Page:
GAZA (Reuters) - The Palestinian Islamist group Hamas rejected on Monday criticism by al Qaeda's second-in-command and said it was still committed to Israel's destruction despite a power-sharing deal with the Fatah faction.
"We will not betray promises we made to God to continue the path of Jihad and resistance until the liberation of Palestine, all of Palestine," Hamas said in a statement, in a clear reference to Israel as well as to the occupied West Bank.
In an audio recording posted on the Internet on Sunday, al Qaeda's Ayman al-Zawahri accused Hamas of serving U.S. interests by agreeing to respect past Palestinian peace accords with Israel in a recent Saudi-brokered unity government deal with moderate Palestinian President Mahmoud Abbas's Fatah.
The coalition agreement fell short of meeting demands by the Quartet of peace mediators -- the United States, the European Union, the United Nations and Russia -- to recognize Israel, renounce violence and accept existing interim peace deals.
Zawahri said the Mecca accord, which calmed weeks of Hamas-Fatah warfare in which more than 90 Palestinians were killed, was part of an attempt by Washington to offset Muslim anger at what he described as its bias toward Israel.
"It is an American scheme to hit the Islamic jihadist resistance against the Crusader-Zionist campaign. America wanted a sham solution to the Palestinian issue to remove the biggest reason for Muslim hatred (of the United States)," he said.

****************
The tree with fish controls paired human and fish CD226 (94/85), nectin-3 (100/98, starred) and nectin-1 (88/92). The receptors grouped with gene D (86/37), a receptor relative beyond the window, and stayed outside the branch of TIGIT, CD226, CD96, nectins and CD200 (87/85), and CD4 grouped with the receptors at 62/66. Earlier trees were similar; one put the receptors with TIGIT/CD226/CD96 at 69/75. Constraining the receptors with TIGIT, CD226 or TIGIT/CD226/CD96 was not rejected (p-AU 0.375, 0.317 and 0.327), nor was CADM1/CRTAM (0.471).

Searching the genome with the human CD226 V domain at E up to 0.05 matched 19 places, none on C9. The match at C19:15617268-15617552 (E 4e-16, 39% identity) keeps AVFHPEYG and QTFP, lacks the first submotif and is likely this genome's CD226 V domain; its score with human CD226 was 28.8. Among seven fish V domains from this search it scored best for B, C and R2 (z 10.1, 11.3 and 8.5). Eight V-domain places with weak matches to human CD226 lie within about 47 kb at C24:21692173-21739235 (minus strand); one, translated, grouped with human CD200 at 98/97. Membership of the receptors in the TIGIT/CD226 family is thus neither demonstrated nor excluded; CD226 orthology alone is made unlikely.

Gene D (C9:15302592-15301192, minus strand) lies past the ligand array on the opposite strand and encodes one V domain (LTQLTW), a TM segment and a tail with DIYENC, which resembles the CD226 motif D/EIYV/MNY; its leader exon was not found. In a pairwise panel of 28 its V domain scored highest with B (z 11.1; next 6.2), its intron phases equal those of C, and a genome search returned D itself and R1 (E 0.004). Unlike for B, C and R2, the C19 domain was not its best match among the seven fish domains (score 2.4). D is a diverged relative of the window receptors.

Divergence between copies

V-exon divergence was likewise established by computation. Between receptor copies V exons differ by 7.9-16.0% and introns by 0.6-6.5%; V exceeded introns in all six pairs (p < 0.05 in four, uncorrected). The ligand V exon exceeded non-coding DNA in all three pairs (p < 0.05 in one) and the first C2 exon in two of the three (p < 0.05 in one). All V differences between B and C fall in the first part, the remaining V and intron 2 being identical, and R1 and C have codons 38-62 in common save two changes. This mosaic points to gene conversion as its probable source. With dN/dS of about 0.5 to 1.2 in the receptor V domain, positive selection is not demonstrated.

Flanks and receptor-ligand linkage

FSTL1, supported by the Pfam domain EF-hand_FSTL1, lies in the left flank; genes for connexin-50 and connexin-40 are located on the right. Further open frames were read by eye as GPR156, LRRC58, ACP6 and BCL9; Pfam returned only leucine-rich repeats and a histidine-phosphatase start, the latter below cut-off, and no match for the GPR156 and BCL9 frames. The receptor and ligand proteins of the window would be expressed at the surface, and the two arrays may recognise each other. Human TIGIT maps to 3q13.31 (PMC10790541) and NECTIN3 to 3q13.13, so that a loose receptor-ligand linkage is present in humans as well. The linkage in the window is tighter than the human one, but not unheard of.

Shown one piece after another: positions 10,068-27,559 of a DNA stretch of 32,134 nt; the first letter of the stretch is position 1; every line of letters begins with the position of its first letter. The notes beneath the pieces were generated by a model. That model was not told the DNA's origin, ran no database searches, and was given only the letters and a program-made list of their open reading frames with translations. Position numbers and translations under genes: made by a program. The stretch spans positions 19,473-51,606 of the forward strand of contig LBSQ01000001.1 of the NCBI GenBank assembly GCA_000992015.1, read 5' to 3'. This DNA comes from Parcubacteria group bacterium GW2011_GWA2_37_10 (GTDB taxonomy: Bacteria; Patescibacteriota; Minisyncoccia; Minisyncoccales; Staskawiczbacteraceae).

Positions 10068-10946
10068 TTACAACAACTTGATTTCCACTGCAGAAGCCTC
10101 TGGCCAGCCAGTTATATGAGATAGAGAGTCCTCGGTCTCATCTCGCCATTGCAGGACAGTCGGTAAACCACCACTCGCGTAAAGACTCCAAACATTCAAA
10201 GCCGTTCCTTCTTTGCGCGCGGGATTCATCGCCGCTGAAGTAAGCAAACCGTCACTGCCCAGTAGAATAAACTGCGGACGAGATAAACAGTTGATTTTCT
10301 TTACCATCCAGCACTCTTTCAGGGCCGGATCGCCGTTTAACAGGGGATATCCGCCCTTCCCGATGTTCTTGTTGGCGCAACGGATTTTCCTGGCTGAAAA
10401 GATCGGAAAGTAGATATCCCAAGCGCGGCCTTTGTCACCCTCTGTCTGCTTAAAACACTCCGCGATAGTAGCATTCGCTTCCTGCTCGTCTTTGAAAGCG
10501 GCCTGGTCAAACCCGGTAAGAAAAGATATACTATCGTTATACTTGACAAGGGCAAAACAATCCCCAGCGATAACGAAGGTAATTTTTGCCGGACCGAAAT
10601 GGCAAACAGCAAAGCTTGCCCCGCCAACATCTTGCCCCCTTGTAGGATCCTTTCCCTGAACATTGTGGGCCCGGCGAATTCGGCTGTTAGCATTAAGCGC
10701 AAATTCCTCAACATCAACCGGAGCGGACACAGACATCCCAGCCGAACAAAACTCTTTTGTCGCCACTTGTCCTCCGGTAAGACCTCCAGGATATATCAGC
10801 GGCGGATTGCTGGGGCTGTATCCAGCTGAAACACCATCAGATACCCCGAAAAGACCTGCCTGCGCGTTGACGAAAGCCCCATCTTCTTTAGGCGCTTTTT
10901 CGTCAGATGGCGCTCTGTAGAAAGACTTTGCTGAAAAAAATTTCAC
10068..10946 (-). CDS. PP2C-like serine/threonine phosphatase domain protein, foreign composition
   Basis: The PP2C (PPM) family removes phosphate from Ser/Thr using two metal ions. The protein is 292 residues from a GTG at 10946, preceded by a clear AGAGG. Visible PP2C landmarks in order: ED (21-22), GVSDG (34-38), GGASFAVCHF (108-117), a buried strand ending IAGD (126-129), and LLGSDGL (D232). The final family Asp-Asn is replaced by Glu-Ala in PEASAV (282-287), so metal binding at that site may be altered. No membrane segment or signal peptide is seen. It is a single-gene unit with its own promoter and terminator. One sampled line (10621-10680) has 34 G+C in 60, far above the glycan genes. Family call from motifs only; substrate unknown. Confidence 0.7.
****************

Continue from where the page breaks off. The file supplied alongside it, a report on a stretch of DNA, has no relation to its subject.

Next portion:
Zawahri accused Hamas of abandoning a tradition of suicide bombings for political gains. "They have ditched the movement of martyrdom operations ... for a government that plays with words in palace halls," he said.
Hamas killed nearly 300 Israelis in 58 suicide bombings after a Palestinian uprising began in 2000. It last carried out a suicide bombing in Israel in 2004.
In its statement Hamas said it continued to be a "movement of resistance, seekers of martyrdom" and that its "principles will never be changed."
"Zawahri's recent statements were wrong ... Resistance is our strategy. How and when? This depends on the reality at the time and our corresponding view of things," Hamas said.
"So be assured doctor Ayman, and all those who love Palestine like yourself, that Hamas is still the group you knew when it was founded and it will never abandon its path."
Hamas said its decision to run in the January 2006 Palestinian election that brought it to power and last month's unity deal with Fatah "came only to preserve the higher interests of the Palestinian people."
Hamas leaders have offered a long-term truce with Israel in return for a viable Palestinian state in the occupied West Bank and the Gaza Strip. The group's 1988 founding chapter calls for the destruction of the Jewish state.